In a major religious split, the Russian Orthodox Church has cut ties with the body seen as the spiritual authority of the world’s Orthodox Christians. The break came after the Ecumenical Patriarchate of Constantinople recognised the independence of the Ukrainian Church from Moscow. The row is being described as the greatest Orthodox split since the schism with Catholicism in 1054. Relations soured after Russia annexed Crimea from Ukraine in 2014. Many Ukrainians accuse the Russian Church of siding with Russia-backed separatists in the east. Russia sees Kiev as the historic cradle of the Russian Orthodox Church and the Church now fears losing many of its 12,000 parishes in Ukraine. Constantinople holds sway over more than 300 million Orthodox Christians across the world. The Russian Orthodox Church is by far the biggest. (BBC News)

The Eastern Orthodox Church is the second-largest Christian Church, with approximately 200 million members. As one of the oldest religious institutions in the world, the Orthodox Church has played a prominent role in the history and culture of Eastern and South-eastern Europe, the Caucasus region, and the Near East. It operates as a communion of autonomous churches, each governed by its bishops, called a Holy Synod. The Orthodox Church has no central doctrinal or governance authority synonymous to the Catholic Pope, but the Ecumenical Patriarch of Constantinople is recognised by all as “first among equals” of the bishops. ­­­­­­­­­­­­­

The Orthodox Churches are united in faith and by a common approach to theology, tradition, and worship. They draw on elements of Greek, Middle Eastern, Russian and Slavic culture. The Orthodox Churches share with other Christian Churches the belief that God revealed Himself in Jesus Christ, and a belief in the incarnation of Christ, His crucifixion and His resurrection. The Orthodox Church differs substantially from other Churches in the way of life and worship, and in certain aspects of theology. Up until 1054, the Eastern Orthodox Church shared communion with the Catholic Church, but the “East–West Schism” was then triggered by disputes over doctrine, especially the authority of the Pope. The Oriental Orthodox Churches are not in communion with the Eastern Orthodox Church, despite their similar names.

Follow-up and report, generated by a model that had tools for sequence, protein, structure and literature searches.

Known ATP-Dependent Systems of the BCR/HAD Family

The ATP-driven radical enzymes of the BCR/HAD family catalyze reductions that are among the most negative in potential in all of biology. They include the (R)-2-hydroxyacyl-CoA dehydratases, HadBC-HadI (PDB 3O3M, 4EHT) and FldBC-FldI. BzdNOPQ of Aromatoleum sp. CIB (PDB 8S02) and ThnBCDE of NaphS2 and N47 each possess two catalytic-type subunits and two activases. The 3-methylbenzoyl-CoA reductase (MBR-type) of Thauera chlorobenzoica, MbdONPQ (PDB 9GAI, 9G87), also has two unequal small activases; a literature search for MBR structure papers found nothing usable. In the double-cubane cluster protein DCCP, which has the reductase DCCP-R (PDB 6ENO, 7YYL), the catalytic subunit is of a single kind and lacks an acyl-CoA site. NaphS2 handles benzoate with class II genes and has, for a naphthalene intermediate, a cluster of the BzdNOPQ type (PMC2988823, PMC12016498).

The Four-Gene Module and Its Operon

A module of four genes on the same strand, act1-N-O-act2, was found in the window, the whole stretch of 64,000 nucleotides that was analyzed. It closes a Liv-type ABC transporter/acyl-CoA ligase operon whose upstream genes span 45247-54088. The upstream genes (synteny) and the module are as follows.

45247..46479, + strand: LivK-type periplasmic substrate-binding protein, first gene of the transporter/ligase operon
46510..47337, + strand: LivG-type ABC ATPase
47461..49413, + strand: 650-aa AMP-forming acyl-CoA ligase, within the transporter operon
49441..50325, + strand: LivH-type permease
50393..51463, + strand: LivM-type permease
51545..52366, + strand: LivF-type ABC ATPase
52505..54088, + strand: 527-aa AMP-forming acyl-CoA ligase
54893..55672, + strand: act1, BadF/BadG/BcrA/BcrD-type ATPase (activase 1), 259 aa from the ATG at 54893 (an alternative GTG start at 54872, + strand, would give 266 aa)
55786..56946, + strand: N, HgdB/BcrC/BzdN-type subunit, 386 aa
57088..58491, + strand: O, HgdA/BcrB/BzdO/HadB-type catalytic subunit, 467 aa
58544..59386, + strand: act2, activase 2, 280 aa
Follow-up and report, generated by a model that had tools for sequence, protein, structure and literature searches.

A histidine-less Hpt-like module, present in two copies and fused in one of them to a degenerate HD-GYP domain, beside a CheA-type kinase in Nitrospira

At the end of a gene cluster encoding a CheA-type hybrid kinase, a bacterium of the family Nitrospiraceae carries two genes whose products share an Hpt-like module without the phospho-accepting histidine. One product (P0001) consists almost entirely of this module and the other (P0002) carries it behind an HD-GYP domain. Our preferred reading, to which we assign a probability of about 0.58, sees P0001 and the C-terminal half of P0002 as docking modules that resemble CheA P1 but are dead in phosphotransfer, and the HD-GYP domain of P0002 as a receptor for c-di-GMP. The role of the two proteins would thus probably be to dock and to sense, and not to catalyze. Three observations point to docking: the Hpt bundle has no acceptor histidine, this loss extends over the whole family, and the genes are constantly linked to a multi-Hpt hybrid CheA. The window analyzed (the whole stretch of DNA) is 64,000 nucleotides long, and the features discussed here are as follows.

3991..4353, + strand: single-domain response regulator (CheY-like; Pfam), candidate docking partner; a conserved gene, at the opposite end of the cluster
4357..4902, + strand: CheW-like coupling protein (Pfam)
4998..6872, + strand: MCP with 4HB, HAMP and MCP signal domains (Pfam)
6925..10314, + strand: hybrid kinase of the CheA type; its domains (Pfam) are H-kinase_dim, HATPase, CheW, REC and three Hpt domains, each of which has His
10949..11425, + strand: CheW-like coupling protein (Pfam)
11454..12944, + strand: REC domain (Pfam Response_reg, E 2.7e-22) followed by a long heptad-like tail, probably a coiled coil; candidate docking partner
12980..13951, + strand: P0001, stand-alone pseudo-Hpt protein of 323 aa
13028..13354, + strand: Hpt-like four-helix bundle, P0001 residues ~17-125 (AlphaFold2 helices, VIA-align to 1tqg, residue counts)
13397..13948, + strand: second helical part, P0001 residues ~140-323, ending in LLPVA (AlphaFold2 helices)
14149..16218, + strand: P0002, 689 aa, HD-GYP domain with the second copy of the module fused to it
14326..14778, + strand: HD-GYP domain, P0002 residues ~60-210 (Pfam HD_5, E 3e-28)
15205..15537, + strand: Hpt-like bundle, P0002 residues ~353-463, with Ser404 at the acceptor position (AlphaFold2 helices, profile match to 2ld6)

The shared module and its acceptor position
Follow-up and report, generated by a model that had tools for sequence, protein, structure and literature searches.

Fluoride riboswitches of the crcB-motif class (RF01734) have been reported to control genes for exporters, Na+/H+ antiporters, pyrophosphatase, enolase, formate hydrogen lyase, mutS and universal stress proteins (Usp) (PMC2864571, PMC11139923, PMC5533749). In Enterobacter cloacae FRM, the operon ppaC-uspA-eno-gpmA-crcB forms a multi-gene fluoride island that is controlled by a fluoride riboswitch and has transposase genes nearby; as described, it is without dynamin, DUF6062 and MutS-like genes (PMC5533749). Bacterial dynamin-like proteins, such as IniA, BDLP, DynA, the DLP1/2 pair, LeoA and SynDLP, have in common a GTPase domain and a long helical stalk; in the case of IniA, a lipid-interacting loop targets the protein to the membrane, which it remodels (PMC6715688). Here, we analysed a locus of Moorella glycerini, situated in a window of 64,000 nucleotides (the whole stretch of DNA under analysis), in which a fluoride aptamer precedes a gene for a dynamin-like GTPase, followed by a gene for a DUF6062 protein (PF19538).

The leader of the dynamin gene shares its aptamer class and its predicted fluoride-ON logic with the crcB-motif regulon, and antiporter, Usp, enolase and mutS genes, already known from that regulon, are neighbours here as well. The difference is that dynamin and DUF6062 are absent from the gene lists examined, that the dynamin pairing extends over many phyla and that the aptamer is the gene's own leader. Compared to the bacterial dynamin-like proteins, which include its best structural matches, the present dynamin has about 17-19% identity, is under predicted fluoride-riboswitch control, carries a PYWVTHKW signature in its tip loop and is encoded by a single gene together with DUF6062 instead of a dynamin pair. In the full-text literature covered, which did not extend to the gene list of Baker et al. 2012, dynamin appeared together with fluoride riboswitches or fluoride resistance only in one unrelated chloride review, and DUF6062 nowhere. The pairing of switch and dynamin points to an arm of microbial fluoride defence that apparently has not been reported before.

Eastern Orthodoxy in Ukraine and Russia has been united under the Russian Orthodox Church since 1686, when the Moscow Patriarchate was granted control over the Kiev archdiocese and the power to ordain its patriarch (also termed “metropolitan”). ­­­­­­­­­­­­­

Geopolitical influences
Since the fall of the Soviet Union (in the 1990s), the dominance of the Moscow Patriarchate has been challenged by the Kiev Patriarchate. This struggle has intensified in the past five years since Russia’s annexation of the Crimea peninsula from Ukraine, and Moscow’s influence in the Eastern Ukraine conflict. On 11 October, the Ecumenical Patriarchate of Constantinople announced it was cancelling the Moscow Patriarchate’s 332-year spiritual jurisdiction over Ukraine and preparing to grant independence to the country’s Church. Ukraine President Petro Poroshenko’s push for Church unity in Ukraine and independence from Russia is seen by many as an electoral strategy to bolster his ratings with less than six months to go to the presidential elections. Shortly after Patriarch Bartholomew I’s decision was announced, Mr Poroshenko said (according to the BBC): “It’s an issue of Ukrainian national security. It’s an issue of Ukrainian statehood.” It is yet to be seen whether Mr Poroshenko’s gamble pays dividends.